We’ve all heard the horror stories surrounding menopause. The night Sweats. The hot flashes. Mood swings. Osteoporosis. Surprisingly, what should be more worrisome than menopause itself, is perimenopause, which begins almost ten years before the onset of menopause and that’s when the body begins to prepare for the big change. And that’s when most of the symptoms begin to appear. And that is when you have full control over how to best prepare your mind and body to embrace the changes that menopause will bring. Let’s look at a few of those ways to prepare yourself for the changes in your body.
Get Plenty Of Calcium
After the age of 50, our body’s calcium requirements increase from 1000 mg a day to 1200 mg a day. During perimenopause, as the body’s estrogen levels start plummeting, the capacity of the bones to retain calcium declines. This can cause thinning of bones and lead to osteoporosis, a condition that can result in debilitating fractures. It
If you feel you aren’t consuming enough of these, you can consult your doctor who can then put you on calcium supplements. These supplements, however, are known to carry risks and research suggests that they aren’t very effective in preventing fractures.
Know Your Triggers
Most perimenopausal women suffer from hot flashes and night sweats. Although the precise reason behind them isn’t known, they are associated with low estrogen levels in the body and a hyperactive hypothalamus. Hypothalamus is the part of the brain that is responsible for regulating the body’s temperature. Although the onset of hot flashes is sudden most of the time, it helps to notice what triggers it in your body. Sometimes, spicy foods, caffeine or alcohol can trigger
Sometimes high levels of cholesterol are responsible for bringing them on. Adding foods like oats and salmon to your diet may help in keeping your cholesterol levels low and prevent hot flashes.
Beat Bloating With Water
During the perimenopausal period, it helps to drink as much water everyday as possible. That’s to combat the water retention, gas and bloating that the hormonal changes in the body cause. It might seem a tad strange but the best way to prevent water retention is to keep the body well hydrated. 2-3 liters spread throughout the day should be enough to keep you well hydrated. And so are water-rich fruits and veggies like celery, cucumber and watermelon. Also, drinking green tea, if you have managed to develop a taste for it, will help keep bloating at bay. It’s also important to watch your intake of salty and gas-causing foods like beans, broccoli, cabbage and cauliflower.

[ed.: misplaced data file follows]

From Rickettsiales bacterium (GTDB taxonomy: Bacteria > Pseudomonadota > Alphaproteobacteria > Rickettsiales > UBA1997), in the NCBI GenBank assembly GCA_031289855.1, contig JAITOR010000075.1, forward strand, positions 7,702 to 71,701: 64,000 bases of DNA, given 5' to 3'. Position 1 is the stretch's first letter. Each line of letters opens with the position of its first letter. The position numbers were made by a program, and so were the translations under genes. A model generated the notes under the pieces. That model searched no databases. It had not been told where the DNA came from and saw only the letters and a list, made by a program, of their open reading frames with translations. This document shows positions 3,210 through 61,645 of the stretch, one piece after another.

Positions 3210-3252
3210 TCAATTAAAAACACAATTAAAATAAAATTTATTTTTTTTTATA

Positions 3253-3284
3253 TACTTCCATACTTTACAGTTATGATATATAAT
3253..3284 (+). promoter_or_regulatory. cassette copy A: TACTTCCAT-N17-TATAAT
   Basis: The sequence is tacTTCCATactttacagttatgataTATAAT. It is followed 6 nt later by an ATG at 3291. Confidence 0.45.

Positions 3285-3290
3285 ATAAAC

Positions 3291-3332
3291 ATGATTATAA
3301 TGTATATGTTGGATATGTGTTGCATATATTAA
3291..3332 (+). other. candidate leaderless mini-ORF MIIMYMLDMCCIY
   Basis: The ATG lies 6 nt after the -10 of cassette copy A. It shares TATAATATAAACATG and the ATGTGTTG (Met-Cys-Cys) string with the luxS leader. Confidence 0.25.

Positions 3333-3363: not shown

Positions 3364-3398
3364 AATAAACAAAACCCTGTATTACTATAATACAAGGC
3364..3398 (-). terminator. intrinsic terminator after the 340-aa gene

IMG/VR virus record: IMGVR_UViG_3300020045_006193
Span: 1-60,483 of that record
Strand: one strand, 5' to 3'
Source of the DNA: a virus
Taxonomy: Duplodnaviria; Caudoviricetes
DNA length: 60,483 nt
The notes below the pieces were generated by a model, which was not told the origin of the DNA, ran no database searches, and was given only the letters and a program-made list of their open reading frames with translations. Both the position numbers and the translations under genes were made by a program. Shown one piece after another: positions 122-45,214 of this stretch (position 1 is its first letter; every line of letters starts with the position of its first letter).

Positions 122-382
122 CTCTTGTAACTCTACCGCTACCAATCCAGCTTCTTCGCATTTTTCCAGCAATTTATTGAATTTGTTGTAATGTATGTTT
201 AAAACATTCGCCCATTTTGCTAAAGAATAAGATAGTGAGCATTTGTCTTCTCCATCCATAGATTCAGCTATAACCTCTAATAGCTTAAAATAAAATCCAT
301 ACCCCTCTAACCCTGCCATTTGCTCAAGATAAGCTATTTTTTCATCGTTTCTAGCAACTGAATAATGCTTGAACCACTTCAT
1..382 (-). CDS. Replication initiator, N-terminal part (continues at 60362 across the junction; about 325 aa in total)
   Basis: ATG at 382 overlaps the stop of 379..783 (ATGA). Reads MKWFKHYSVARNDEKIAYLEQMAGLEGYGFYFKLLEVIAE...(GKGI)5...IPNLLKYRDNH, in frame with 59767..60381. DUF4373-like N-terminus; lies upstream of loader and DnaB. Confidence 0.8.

Cut Down On Your Alcohol Intake
The bar cabinet may beckon after a long, tiring day at work, but too much alcohol is known to increase the risk of breast cancer. As per the latest research, alcohol consumption has been directly linked to it. And as far as breast cancer risk goes, the odds are anyway stacked high against women stepping into the wrong side of 40. Alcohol causes the estrogen levels to rise in the body, which in turn increases the risk of breast cancer. Alcohol also makes one put on weight and fat cells thus produced further increase this risk. Having said that, if you must have alcohol, it’s a good idea to limit it to one drink a day.
Limit Junk Food
As the perimenopausal period sets in, the body starts losing muscle and starts storing fat. Which is why, it becomes difficult to lose weight around this time and even maintaining your
Cutting back on the junk and adding foods rich in lean protein and water, will not just help with your weight but also reduce your risk of heart disease and help you deal with the changes that the aging process brings, much better.